The Huddleston Farmhouse museum hosts a farmer’s market on Saturday mornings during the warm months, through October. It is in Cambridge City, Ind., on U.S. 40, about an hour east of Indy. Photo courtesy Indiana Landmarks.Weary travelers making the difficult trek westward on the National Road in the early 1800s stopped at the Huddleston family's farm in Cambridge City for meals, provisions, shelter and to feed and rest their horses.

The Huddleston Farmhouse Museum offers visitors a glimpse of the daily lives of John and Susannah Huddleston and their 11 children, as well as the travelers who crowded the porches and yard and rented the farmhouse's two "travelers' kitchens" for cooking and sleeping.

The museum also operates as the National Road Heritage Site, where exhibits offer modern-day travelers a vivid picture of cross-country travel on the Historic National Road from Cumberland, Md., to Vandalia, Ill., from the pioneer era to the present.

New this year at the Huddleston Farmhouse is a weekly Farmers Market on Saturdays from 8 a.m. to noon from now through October. It's an opportunity to find fresh local produce, herbs, plants, flowers, arts, crafts and more.

And Joe, who also is executive director of the Indiana National Road Association, will also invite us to Wine Down on the Farm at Huddleston Farmhouse on June 28 from 5:30 to 7:30 p.m. That evening, plan to enjoy hors d'oeuvres and wine while viewing a show of paintings by Fort Wayne artist Gwen Gutwein.

And Roadtripper Chris Gahl of the ICVA will be back with us live next Saturday! 

Your Hoosier History Live! team,

Nelson Price, host and creative director
Molly Head, producer, (317) 927-9101
Chris Gahl, Roadtripper
Richard Sullivan, webmaster and tech director

Pam Fraizer, graphic designer
Garry Chilluffo, creative consultant
Michele Goodrich, Jed Duvall, grant consultants
Joan Hostetler, photo historian
Dana Waddell, volunteer-at-large 


Author Connie Nordhielm Wooldridge's book, Just Fine the Way They Are From Dirt Roads to Railroads to Interstates.Story Inn

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Lucas OilIndiana Historical Society logo.

Please tell our sponsors that you appreciate their support: Aesop's Tables | Just Fine the Way They Are, a children’s book about the National Road | Indiana Historical Society | Lucas Oil | Story Inn.


Facebook logo links to the Hoosier History Live! page.Acknowledgments to Print Resources, Indianapolis Public Library, Monomedia, Indiana Humanities, Indianapolis Convention & Visitors Association, WICR-FM, Fraizer Designs, Heritage Photo and Research Services, Derrick Lowhorn and many other individuals and organizations. We are an independently produced program and are self-supporting through organizational sponsorships, grants and through individual tax-deductible contributions through Indiana Humanities. Visit our website to learn how you can support us financially.


June 16 show

Polio epidemic during the 1940s and '50s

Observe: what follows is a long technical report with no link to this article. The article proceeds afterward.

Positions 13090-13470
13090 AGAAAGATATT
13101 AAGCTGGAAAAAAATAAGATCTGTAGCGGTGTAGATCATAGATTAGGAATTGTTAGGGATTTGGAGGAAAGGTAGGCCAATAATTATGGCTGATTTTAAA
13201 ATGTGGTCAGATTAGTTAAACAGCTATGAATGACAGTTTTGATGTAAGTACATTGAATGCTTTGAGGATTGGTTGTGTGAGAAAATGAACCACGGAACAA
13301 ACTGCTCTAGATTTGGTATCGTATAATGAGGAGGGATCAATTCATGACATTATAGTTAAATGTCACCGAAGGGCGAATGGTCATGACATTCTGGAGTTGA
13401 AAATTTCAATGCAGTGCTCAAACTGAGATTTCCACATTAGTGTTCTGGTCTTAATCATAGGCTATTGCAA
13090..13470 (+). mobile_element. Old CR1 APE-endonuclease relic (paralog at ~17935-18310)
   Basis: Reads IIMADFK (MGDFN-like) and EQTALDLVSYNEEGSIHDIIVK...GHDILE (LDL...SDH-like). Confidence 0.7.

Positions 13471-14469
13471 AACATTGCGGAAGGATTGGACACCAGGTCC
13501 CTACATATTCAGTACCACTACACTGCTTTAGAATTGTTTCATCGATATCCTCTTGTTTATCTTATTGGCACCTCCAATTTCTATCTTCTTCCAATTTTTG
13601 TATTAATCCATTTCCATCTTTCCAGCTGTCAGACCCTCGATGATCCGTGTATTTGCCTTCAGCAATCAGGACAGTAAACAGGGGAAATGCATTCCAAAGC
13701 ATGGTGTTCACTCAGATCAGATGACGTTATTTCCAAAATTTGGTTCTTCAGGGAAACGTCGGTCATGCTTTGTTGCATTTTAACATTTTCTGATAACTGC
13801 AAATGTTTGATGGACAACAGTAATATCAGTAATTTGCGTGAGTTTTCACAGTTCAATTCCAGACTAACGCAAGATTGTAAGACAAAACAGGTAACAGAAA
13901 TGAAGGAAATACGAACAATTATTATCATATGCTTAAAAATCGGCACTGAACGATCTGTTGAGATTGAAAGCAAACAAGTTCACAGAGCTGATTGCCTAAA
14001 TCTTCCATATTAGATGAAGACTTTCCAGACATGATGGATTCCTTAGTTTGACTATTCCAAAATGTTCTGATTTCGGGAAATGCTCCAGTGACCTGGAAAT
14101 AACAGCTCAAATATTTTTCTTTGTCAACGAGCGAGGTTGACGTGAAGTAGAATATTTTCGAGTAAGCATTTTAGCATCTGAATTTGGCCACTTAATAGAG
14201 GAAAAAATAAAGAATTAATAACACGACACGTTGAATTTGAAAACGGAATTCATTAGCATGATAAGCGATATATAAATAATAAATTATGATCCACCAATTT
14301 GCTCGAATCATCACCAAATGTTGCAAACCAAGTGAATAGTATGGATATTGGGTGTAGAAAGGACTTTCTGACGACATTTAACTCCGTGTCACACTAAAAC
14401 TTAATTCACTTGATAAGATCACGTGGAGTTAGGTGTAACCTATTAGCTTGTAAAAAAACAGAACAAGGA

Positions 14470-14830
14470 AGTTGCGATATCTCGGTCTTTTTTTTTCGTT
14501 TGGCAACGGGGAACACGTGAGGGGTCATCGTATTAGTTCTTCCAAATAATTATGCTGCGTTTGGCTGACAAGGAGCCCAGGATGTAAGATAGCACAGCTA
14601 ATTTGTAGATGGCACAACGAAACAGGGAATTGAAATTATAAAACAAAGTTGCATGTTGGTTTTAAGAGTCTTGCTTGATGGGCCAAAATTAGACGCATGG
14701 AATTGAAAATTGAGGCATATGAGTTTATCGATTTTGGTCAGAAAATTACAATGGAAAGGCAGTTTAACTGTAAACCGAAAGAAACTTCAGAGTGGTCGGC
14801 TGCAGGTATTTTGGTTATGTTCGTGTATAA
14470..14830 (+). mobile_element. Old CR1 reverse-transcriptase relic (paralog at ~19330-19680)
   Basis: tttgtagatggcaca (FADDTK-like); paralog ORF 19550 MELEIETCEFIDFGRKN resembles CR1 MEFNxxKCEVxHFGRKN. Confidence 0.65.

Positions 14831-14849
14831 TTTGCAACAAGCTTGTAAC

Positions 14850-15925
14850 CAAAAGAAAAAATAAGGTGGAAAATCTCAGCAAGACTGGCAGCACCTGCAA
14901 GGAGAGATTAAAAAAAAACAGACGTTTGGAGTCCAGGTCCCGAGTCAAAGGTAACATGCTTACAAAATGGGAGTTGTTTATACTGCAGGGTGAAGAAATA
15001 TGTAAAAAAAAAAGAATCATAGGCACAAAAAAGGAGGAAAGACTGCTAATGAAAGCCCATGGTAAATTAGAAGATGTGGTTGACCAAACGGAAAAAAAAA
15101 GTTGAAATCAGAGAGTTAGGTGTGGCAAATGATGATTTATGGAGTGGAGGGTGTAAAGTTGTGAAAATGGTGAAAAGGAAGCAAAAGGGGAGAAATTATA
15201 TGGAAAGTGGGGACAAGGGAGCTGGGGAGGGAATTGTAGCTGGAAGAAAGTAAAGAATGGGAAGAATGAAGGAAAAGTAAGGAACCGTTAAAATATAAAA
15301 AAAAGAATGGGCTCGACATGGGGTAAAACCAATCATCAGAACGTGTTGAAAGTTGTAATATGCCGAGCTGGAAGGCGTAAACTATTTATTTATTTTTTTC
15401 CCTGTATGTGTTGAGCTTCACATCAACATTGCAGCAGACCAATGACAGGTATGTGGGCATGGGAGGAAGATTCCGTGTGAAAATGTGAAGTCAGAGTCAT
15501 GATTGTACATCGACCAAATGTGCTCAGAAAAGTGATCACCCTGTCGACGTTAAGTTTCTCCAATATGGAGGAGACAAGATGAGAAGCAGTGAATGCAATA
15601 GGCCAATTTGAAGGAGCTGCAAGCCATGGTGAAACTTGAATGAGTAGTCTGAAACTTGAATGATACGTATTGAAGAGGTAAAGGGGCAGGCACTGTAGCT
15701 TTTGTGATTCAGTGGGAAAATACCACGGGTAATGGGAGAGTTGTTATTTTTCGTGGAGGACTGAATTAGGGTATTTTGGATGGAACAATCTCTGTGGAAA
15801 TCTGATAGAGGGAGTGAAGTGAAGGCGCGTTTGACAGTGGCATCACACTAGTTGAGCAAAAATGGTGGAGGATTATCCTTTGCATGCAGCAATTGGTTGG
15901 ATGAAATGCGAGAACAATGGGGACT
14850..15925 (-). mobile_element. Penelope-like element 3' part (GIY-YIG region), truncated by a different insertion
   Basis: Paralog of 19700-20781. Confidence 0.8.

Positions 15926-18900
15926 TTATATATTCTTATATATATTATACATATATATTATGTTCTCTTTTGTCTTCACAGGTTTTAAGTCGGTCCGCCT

With its devastating impact and its tendency to strike children, teenagers and young adults, polio created widespread panic during the 1940s and '50s. Epidemics of the often-fatal disease occurred in earlier decades as well, but Hoosier History Live! will focus on the 1940s and '50s because of some significant aspects that unfolded in Indiana then.

Eli Lilly and Co. production line for polio vaccine in 1955. Photo courtesy Eli Lilly and Co."It was so frightening because, even though we knew polio was caused by a virus, we didn't know how it was being transmitted," recalls Wanda Fortune, an Indianapolis civic leader who will be one of Nelson's guests.

She has been widowed twice. Both of Wanda's husbands were involved with  the "polio story" as it unfolded in the Hoosier capital. Her first husband, a surgeon who was treating child patients with polio in 1945, contracted the disease himself and spent a week in an iron lung. Her second husband was a top analytical chemist at Eli Lilly and Co. in the 1950s.

That's the era depicted by the Indiana Historical Society in a new "You Are There" multimedia exhibit that is set on the Lilly campus, where employees rushed to pack vials of  the new vaccine discovered by Dr. Jonas Salk.

The historical society's director of exhibitions research, Eloise Batic, will join Nelson and Wanda on our show to share insights about the era and the Hoosier aspects.

More than 20,000 cases of polio were reported every year across the country during the early 1950s. According to the historical society, about 75 percent of the cases in 1954 - the year before Salk developed his vaccine - occurred in people under age 20.

Wanda's first husband, Dr. K. Randolph Manning, was in his residency as a young orthopedic surgeon. He was treating child patients at Indianapolis hospitals when he was afflicted with polio; Wanda had been married to him for just three months.

"Randy was very fortunate because he recovered and was able to resume a full life, including his medical practice," she says.

Her second husband, Dr. Brooks Fortune, helped oversee research and development (as well as quality control) at Lilly. Wanda married him long after 1955. That's when employees - including women assembly workers at Lilly depicted in a photo that has inspired the new Indiana Experience at the Eugene and Marilyn Glick Indiana History Center - hurried to pack and send the vaccine around the world. Salk's discovery of the polio vaccine is considered one of the greatest medical breakthroughs in history.